I'm trying to understand what is going on here - this is in a normal house linked to the grid (240 volts / 3 phase), nothing extra. On two sets of plugs (next to each other), I measure 36 volts between ground and neutral. I see 240V between ground and live (in my minimal knowledge, this seems correct?), and 240V between neutral and live (again, this seems correct?).

In the appliances plugged into these plugs (I've unplugged all of them and get the same readings) you can feel a tingle when touching the metal housing (which I assume is linked to ground). The appliances themselves work just fine.

In all the other plugs in the house, I read zero volts between ground and neutral - this leads me to thing that the plugs showing the voltage are wired incorrectly / differently to the rest of the house.

Can any shed some light on what could be going on here? Should I be calling in my electrician?

  • 1
    \$\begingroup\$ It's normal for a small voltage to appear between earth and neutral. I'm not sure if 36V counts as small in this case, but if you feel a tingle, that could be cause for concern. 240V between earth and live or neutral and live is perfectly normal as long as you're not in North America or southern Japan or somewhere else with 120V mains. \$\endgroup\$
    – Hearth
    Jan 22, 2019 at 15:18
  • \$\begingroup\$ Yea, that is what I figured - thanks. I think I need to get an electrician in. I am still interested to know how this would happen - i.e. how do you wire something so you get that? \$\endgroup\$
    – Gareth
    Jan 22, 2019 at 15:20
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    \$\begingroup\$ Domestic wiring has only a single phase coming in, so the live and neutrals have to be common to all the circuits. I'd guess that there's a break in the ground line, and the voltage you measure is just induced or leakage. You could try measuring the resistance between the ground connection on those sockets and others with the power off. \$\endgroup\$
    – Phil G
    Jan 22, 2019 at 15:24
  • \$\begingroup\$ What type of appliances do you feel a tingle when touching? And do you feel a tingle on those same appliances connected to a different socket? A slight buzz is not uncommon for appliances with unearthed switch-mode power supplies under normal circumstances (laptops are good examples of this). I'm not saying you don't have a problem with those sockets, just trying to get better info for diagnostics :) \$\endgroup\$
    – marcelm
    Jan 22, 2019 at 17:17
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    \$\begingroup\$ @PhilG "Domestic wiring has only a single phase coming in ..." - Into the house you mean? That's a blanket generalization you cannot make. Where I live, having three-phase power at home is uncommon but not unheard of (in fact, my mother's house has it; it was once used for an electric range). \$\endgroup\$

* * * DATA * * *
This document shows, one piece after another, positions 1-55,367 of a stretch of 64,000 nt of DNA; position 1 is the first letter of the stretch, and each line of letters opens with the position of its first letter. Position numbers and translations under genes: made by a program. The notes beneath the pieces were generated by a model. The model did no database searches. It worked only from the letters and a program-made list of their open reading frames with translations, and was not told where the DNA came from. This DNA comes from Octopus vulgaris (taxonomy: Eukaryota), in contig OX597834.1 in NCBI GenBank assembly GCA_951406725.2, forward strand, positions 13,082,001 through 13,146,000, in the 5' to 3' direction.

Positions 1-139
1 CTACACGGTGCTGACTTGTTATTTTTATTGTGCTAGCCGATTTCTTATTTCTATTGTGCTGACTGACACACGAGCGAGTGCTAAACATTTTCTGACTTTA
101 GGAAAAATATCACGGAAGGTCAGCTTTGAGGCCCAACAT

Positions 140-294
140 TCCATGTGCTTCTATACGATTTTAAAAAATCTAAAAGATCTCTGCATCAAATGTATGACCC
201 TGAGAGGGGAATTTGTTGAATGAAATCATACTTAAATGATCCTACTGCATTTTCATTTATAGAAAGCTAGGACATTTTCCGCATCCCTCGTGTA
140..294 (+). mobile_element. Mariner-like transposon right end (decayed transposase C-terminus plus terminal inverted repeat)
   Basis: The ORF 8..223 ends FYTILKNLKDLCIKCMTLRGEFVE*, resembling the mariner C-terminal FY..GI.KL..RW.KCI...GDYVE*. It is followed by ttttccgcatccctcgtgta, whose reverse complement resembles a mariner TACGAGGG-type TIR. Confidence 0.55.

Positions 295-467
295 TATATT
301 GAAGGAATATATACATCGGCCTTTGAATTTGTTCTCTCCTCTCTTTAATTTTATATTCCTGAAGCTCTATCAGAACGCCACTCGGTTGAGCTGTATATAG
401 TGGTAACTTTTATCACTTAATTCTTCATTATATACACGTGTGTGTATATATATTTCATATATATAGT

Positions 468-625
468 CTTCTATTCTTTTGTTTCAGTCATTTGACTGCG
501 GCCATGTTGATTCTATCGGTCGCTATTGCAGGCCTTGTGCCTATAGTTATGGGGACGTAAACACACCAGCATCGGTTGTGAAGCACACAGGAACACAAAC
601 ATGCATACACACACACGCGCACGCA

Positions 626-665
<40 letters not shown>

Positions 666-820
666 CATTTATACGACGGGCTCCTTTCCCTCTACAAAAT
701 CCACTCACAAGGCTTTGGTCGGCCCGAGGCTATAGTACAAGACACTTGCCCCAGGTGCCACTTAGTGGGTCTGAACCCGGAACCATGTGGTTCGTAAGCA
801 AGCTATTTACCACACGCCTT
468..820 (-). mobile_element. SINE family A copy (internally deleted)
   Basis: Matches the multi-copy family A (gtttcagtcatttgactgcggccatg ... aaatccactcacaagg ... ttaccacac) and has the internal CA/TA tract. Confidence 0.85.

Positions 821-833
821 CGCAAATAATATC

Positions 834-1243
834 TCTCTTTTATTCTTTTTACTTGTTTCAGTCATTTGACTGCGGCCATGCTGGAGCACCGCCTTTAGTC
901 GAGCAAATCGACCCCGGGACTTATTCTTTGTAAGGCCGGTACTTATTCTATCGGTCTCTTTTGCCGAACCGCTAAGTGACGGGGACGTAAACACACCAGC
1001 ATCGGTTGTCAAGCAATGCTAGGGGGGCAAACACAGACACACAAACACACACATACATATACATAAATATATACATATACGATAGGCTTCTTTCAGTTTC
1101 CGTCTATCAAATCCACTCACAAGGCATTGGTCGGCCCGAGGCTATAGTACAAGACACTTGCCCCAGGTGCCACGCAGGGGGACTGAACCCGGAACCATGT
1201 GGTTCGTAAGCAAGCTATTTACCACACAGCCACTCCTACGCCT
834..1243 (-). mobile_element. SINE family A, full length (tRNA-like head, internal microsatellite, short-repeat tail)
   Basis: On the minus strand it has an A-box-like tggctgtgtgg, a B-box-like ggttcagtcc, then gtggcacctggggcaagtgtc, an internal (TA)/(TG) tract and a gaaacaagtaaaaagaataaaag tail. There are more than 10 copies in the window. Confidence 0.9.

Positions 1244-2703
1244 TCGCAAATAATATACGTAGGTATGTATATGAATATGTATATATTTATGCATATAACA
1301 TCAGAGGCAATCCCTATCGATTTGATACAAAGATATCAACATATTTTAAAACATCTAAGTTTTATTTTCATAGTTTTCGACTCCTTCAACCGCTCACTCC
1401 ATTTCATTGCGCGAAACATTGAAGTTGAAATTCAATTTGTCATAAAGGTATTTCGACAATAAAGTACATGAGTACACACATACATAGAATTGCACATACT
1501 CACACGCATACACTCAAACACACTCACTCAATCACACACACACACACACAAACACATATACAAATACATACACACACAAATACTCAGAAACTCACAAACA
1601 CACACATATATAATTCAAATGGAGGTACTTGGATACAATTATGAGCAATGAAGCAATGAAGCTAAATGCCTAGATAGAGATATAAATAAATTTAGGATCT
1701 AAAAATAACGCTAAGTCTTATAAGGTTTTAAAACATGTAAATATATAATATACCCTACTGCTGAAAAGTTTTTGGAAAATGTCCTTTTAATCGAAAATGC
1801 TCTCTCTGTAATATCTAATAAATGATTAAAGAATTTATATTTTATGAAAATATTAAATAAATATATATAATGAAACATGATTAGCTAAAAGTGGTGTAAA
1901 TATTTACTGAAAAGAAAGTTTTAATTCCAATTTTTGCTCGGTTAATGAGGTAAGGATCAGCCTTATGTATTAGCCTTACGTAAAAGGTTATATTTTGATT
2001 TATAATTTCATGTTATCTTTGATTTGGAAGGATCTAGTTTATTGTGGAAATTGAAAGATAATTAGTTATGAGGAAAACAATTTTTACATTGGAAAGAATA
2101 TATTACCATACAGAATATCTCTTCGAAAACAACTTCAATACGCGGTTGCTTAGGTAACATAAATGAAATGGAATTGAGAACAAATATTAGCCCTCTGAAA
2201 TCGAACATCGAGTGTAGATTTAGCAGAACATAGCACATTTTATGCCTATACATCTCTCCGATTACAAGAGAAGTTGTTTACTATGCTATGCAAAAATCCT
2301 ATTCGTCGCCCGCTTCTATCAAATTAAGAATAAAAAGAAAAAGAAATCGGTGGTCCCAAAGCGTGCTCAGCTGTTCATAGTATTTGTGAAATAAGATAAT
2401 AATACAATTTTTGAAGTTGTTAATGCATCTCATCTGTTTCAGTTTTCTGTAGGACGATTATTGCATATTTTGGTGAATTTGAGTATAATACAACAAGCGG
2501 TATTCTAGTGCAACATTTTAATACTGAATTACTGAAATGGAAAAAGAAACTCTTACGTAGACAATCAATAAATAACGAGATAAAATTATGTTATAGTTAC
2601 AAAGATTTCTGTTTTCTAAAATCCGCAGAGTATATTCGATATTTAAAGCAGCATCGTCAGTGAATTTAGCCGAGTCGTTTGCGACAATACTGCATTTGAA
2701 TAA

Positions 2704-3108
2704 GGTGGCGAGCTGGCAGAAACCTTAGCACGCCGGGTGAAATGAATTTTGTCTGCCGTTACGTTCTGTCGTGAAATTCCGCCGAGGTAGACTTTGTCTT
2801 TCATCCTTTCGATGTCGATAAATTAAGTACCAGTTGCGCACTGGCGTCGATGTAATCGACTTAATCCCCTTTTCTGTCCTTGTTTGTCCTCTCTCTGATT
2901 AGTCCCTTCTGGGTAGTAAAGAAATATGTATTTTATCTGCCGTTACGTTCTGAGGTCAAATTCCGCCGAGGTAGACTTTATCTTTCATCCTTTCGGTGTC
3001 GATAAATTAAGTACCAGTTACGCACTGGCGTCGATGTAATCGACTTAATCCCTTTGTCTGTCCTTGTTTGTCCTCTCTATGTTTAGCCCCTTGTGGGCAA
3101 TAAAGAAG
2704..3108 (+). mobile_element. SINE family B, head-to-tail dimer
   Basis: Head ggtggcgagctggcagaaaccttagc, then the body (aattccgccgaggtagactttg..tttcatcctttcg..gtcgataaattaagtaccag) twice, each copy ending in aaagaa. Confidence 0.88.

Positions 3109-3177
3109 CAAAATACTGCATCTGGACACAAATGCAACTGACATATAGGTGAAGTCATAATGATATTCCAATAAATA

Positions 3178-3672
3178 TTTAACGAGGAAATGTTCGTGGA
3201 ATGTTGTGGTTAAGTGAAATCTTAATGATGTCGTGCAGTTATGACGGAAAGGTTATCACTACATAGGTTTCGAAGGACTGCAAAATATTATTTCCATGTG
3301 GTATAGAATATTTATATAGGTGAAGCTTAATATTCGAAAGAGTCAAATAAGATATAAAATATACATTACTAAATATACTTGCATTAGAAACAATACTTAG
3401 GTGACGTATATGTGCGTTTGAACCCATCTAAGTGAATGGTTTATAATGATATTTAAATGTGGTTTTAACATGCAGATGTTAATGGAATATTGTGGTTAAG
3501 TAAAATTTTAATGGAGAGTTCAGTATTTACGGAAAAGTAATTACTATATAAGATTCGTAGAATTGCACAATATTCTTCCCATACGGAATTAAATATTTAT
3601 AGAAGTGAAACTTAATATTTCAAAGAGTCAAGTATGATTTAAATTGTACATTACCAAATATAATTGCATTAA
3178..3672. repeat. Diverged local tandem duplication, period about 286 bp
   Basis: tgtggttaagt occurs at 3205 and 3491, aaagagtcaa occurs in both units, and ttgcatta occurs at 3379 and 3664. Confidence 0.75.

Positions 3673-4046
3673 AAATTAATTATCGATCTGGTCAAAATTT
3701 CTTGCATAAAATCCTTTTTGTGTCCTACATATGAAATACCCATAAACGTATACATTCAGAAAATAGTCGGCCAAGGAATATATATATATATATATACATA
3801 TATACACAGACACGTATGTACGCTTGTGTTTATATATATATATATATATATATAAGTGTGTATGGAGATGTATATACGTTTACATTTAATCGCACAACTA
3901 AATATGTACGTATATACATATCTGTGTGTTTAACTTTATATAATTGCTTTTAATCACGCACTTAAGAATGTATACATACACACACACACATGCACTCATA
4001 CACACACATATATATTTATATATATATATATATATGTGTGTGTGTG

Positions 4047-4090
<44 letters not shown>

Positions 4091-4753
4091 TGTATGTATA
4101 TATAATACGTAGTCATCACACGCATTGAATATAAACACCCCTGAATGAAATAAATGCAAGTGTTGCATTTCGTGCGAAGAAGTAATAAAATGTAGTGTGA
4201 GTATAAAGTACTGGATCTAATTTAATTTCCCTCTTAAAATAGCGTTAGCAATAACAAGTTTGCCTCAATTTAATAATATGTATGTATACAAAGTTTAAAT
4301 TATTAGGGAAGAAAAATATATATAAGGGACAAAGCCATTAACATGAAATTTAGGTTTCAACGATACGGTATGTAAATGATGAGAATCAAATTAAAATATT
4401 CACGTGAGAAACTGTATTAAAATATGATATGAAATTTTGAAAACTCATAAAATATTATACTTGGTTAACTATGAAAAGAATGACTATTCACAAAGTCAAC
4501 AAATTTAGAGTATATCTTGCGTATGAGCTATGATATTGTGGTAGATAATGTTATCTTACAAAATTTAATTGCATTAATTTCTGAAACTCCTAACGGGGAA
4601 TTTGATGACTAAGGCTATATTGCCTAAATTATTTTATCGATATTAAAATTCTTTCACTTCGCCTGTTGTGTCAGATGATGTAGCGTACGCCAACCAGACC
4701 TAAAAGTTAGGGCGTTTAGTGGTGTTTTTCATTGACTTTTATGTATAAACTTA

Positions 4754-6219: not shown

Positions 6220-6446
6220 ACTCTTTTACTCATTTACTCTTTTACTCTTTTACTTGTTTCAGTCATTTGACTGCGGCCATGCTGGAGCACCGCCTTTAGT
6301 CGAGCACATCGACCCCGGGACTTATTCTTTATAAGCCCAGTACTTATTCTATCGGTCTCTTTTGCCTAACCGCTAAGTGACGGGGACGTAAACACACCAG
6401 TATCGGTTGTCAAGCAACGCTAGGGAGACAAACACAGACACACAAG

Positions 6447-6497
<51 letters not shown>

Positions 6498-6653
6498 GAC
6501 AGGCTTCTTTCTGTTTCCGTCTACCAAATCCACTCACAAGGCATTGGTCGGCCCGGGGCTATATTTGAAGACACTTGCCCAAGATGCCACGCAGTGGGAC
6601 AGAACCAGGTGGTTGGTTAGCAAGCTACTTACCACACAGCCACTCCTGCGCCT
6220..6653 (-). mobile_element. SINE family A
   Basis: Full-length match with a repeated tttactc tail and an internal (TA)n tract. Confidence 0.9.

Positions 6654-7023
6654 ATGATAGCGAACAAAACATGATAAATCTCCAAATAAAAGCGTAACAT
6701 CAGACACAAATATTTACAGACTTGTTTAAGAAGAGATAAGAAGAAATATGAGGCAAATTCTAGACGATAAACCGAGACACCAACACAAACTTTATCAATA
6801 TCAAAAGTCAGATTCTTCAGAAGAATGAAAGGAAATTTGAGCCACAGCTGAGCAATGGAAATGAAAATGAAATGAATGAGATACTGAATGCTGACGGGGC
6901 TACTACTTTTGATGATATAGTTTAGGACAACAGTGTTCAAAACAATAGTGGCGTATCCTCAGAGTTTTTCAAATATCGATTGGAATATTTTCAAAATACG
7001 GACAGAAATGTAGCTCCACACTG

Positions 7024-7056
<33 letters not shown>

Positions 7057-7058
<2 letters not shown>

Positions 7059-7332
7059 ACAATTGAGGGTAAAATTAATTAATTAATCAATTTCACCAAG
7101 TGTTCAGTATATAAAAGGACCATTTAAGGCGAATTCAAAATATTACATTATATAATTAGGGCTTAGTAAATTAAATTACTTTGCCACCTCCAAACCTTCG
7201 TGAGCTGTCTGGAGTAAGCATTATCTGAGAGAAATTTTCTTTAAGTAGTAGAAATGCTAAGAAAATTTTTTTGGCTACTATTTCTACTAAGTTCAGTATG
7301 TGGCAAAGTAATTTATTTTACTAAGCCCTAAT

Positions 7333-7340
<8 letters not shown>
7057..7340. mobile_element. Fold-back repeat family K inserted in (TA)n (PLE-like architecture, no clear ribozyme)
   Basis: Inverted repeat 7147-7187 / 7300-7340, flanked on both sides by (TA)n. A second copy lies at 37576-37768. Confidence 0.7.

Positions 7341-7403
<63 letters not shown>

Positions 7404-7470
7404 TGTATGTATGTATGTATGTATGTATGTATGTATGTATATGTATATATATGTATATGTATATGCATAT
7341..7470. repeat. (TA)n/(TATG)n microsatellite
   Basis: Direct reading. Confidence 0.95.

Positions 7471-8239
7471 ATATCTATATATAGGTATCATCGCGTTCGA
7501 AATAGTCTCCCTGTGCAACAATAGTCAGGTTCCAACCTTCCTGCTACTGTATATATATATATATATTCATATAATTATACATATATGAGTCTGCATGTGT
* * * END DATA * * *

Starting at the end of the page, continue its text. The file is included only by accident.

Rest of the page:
– marcelm
    Jan 22, 2019 at 17:20

2 Answers 2


If you measure 36 volts between neutral and earth and ostensibly 240 volts between live and neutral AND live and earth then clearly this means that 36 volts is close to 90 degrees phase shifted from the 240 volts.

This is because if the two voltages were in phase you would measure: -

  • 240 volts between Live and Neutral AND
  • 240 volts +/- 36 volts between Live and earth

Clearly this isn't happening because you measure 240 volts to neutral or to earth and this largely happens when the earth-neutral voltage is 90 degrees phase shifted to neutral-live.

When this happens, mathematically, instead of simply adding/subtracting 36 volts and 240 volts together to get 276 volts or 204 volts you do a vector/phasor add like this: -

$$\sqrt{240^2+36^2} = 243$$

Another way is looking at it like this: -

enter image description here

In other words you are measuring about 240 volts in either scenario even though there is 36 volts between earth and neutral. This is typically due to a break in the earth line and, what remains of the earth line connected to your socket, is capacitively coupling to live and neutral to the tune of 36 volts. That waveform of voltage will be 90 degrees out of phase hence the imperfect fit with normal additive mathematics.


Most likely, those sockets are poorly grounded, or not grounded at all.

If you are using a high-impedance digital voltmeter, then the results you get measuring voltages can be a bit misleading, as they can detect tiny capacitive coupling between the different wires in your installation. So something that is not connected can show a voltage.

But get an electrician in to look at it, unless you're competent to investigate for yourself.


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